Another emergency responder which has adopted Primetech’s Ka-band mobile satellite broadband is Northumberland National Park Mountain Rescue Team (NNPMRT), a volunteer service providing mountain and cave rescue services within Northumberland.
Both the Swaledale and Northumberland teams are made up of highly trained volunteers who are available to be called out (at short notice) for a variety of land based search and rescue operations, any time day or night.
Ka-band mobile satellite broadband provision doesn’t need to be located in a big ICU format like Surrey FRS’s. Primetech’s Resilient Communications Trailer is a self contained, flexible, resilient and highly portable communications unit that we have developed to deliver high bandwidth Ka-band capability, in any location, via an auto-seeking C-Com receiver system, with multi-VPN automatic 3G/4G failover and wireless communications from a 5-metre pneumatic mast.
The trailer allows mobile satellite broadband and wireless comms to be taken into sites not easily reached by larger mobile command vehicles. Use of the trailer frees up larger command vehicles, essential during large-scale, wide-area, multi-site and multi-agency emergencies.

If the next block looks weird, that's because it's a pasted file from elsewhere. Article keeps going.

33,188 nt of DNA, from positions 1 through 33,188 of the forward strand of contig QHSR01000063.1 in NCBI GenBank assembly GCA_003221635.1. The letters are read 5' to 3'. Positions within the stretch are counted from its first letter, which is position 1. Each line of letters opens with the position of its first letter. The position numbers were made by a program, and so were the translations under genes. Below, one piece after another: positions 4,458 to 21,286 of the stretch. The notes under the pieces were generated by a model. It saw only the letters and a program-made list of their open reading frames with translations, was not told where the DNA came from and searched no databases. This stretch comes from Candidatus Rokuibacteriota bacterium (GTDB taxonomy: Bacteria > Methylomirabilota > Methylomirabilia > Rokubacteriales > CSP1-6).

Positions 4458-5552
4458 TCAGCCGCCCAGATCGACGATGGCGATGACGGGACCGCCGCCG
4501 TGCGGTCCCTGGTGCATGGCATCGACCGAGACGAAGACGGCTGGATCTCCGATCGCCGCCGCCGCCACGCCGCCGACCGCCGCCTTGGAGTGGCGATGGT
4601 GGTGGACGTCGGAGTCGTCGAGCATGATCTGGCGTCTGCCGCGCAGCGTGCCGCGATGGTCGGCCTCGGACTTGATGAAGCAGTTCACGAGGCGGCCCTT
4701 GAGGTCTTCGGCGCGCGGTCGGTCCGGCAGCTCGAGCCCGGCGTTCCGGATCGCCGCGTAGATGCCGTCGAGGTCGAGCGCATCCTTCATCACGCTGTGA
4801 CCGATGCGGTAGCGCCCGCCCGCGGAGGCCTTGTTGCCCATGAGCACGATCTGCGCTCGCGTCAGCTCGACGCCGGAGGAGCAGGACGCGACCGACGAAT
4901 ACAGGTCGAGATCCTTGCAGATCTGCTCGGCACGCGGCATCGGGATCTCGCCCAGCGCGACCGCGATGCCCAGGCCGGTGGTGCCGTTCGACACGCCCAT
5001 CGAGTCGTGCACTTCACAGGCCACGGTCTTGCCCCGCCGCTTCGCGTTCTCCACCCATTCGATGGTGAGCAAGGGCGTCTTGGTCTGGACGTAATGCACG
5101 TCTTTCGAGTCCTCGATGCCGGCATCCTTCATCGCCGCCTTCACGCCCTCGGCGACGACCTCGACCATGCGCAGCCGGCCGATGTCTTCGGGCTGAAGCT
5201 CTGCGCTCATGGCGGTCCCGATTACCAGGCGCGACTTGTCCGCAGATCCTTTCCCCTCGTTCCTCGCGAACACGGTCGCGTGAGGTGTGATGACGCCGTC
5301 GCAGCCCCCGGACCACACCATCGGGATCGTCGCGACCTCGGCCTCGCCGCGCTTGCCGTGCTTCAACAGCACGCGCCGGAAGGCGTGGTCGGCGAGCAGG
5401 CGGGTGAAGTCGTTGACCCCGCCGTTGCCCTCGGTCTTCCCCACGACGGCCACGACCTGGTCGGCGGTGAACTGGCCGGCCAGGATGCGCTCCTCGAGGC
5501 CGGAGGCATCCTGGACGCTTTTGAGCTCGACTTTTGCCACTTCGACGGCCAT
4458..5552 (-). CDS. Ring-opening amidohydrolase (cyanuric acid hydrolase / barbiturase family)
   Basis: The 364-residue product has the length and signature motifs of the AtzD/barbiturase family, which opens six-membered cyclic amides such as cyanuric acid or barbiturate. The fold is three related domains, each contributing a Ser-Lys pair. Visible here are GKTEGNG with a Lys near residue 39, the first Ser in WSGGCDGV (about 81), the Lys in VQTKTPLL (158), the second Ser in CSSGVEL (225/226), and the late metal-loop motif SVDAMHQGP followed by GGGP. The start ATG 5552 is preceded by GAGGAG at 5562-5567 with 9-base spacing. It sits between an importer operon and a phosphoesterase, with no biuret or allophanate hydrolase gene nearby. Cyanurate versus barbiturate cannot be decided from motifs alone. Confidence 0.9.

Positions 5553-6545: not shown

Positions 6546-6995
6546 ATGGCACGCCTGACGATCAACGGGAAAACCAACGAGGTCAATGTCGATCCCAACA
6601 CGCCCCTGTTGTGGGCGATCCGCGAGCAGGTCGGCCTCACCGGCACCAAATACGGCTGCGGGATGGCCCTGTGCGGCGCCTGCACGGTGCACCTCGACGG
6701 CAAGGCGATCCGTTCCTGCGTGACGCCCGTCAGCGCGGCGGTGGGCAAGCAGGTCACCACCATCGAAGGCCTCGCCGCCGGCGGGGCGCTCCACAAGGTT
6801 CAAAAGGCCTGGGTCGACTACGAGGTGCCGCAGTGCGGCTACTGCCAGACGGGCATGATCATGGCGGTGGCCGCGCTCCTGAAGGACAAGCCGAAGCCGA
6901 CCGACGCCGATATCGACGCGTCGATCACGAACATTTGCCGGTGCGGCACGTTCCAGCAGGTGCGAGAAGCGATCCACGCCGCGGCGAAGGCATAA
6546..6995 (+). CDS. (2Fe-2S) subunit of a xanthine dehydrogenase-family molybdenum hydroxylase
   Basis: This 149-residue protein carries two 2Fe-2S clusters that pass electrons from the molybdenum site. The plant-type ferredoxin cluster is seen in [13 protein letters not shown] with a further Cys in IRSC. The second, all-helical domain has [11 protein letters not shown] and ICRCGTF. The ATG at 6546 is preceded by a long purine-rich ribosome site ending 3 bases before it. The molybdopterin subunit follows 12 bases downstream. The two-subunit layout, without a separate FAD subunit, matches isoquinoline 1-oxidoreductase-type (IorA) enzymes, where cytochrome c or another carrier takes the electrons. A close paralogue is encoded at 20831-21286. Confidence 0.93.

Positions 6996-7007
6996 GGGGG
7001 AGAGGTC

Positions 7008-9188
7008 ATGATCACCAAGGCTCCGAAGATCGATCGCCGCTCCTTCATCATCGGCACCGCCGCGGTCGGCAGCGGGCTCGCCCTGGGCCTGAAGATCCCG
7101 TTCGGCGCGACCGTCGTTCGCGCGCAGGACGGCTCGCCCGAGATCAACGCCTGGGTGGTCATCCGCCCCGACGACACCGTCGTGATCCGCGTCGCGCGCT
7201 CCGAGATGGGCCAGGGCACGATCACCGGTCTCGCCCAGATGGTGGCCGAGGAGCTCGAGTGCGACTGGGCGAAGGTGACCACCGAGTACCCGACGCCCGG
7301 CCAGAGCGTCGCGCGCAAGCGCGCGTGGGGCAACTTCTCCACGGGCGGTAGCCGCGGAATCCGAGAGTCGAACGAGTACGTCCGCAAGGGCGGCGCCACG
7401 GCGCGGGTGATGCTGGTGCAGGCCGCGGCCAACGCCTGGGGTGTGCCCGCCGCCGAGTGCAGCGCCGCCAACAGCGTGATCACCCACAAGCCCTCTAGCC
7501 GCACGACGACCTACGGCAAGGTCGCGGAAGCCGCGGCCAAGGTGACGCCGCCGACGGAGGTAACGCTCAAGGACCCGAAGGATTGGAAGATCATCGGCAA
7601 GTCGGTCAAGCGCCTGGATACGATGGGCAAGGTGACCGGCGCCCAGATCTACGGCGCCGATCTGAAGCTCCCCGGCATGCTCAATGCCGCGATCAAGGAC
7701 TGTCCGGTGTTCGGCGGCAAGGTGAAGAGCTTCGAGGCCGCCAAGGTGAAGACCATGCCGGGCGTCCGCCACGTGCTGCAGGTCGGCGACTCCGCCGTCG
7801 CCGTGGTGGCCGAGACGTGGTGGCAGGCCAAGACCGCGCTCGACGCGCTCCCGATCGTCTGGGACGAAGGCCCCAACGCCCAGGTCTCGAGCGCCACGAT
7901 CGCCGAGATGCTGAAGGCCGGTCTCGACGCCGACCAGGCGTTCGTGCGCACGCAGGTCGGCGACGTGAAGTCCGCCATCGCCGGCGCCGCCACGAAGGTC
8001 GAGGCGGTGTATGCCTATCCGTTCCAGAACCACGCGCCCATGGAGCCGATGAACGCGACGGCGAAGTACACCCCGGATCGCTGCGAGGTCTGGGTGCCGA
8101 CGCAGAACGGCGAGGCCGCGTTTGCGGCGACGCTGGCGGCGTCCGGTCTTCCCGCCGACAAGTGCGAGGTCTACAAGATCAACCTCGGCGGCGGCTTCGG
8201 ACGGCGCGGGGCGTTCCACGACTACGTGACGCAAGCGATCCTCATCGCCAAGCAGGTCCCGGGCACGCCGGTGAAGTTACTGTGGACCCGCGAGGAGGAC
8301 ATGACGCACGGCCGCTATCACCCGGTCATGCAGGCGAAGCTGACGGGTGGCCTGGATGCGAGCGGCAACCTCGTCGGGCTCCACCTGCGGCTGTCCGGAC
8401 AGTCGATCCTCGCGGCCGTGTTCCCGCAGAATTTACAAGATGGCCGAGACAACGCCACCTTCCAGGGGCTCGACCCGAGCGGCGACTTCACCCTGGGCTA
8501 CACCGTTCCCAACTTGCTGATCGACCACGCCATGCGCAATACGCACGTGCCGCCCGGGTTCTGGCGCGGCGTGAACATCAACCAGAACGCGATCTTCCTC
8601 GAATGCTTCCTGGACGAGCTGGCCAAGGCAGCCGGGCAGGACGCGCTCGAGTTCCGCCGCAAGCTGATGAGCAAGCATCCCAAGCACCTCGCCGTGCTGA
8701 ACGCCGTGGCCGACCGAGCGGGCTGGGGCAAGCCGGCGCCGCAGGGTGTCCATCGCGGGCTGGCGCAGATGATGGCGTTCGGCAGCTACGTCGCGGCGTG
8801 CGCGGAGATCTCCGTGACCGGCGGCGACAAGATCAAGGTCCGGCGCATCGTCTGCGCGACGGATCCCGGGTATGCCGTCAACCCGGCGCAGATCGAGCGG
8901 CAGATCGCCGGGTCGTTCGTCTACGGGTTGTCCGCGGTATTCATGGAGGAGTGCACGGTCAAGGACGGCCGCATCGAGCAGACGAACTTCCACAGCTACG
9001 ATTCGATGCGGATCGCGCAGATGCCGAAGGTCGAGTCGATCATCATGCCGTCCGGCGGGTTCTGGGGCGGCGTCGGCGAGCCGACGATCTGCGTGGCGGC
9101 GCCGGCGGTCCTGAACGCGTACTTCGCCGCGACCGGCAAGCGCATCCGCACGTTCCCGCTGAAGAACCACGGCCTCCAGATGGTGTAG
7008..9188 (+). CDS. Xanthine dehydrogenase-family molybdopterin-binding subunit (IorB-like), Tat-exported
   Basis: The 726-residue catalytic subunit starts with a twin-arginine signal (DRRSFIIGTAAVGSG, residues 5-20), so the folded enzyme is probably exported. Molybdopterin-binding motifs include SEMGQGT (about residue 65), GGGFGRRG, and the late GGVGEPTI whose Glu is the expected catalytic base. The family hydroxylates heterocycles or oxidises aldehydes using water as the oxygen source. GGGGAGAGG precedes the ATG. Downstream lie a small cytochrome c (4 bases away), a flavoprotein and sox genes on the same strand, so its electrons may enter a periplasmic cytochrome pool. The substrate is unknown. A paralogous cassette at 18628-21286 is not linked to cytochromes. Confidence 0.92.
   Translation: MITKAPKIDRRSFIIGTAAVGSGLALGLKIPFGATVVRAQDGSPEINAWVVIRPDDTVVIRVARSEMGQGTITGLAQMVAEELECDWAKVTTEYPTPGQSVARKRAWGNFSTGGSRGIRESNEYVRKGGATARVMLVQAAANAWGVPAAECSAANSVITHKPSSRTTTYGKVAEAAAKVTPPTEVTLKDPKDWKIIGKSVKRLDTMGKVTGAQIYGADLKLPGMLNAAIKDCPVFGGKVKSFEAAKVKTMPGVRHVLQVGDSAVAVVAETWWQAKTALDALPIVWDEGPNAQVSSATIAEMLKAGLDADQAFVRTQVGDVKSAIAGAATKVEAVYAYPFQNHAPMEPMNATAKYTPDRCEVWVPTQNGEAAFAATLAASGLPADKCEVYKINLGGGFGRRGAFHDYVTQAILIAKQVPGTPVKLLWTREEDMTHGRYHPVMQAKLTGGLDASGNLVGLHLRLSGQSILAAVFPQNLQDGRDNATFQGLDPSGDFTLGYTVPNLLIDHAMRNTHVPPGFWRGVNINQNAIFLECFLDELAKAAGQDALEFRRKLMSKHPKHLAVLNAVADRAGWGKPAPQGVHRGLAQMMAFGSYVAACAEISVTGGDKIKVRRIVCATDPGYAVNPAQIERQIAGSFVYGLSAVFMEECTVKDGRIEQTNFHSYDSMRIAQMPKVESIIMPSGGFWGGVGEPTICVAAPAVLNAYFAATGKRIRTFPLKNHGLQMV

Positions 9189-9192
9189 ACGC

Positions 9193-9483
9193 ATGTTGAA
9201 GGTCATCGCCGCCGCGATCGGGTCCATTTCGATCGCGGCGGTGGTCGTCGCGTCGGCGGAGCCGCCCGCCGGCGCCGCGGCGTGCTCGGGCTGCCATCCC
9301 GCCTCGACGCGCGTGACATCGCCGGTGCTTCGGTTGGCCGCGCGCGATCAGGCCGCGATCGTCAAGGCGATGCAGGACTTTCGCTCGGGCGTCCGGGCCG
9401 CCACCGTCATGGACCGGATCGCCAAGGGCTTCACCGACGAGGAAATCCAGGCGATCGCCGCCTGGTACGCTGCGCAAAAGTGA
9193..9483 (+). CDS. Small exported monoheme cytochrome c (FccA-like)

It provides a low cost ‘force multiplier’ to boost emergency services’ communications capabilities and resilience.
With extension cables the trailer can be used at sites such as schools, community centres and office buildings, when major emergencies require short or long-term communications capability.
Mobile satellite broadband is also available as an option on the Primetech Rapid Response Multi-Role Vehicle, on Mitsubishi Trojan, Land Rover and other platforms.
For more information, go to www.primetech.co.uk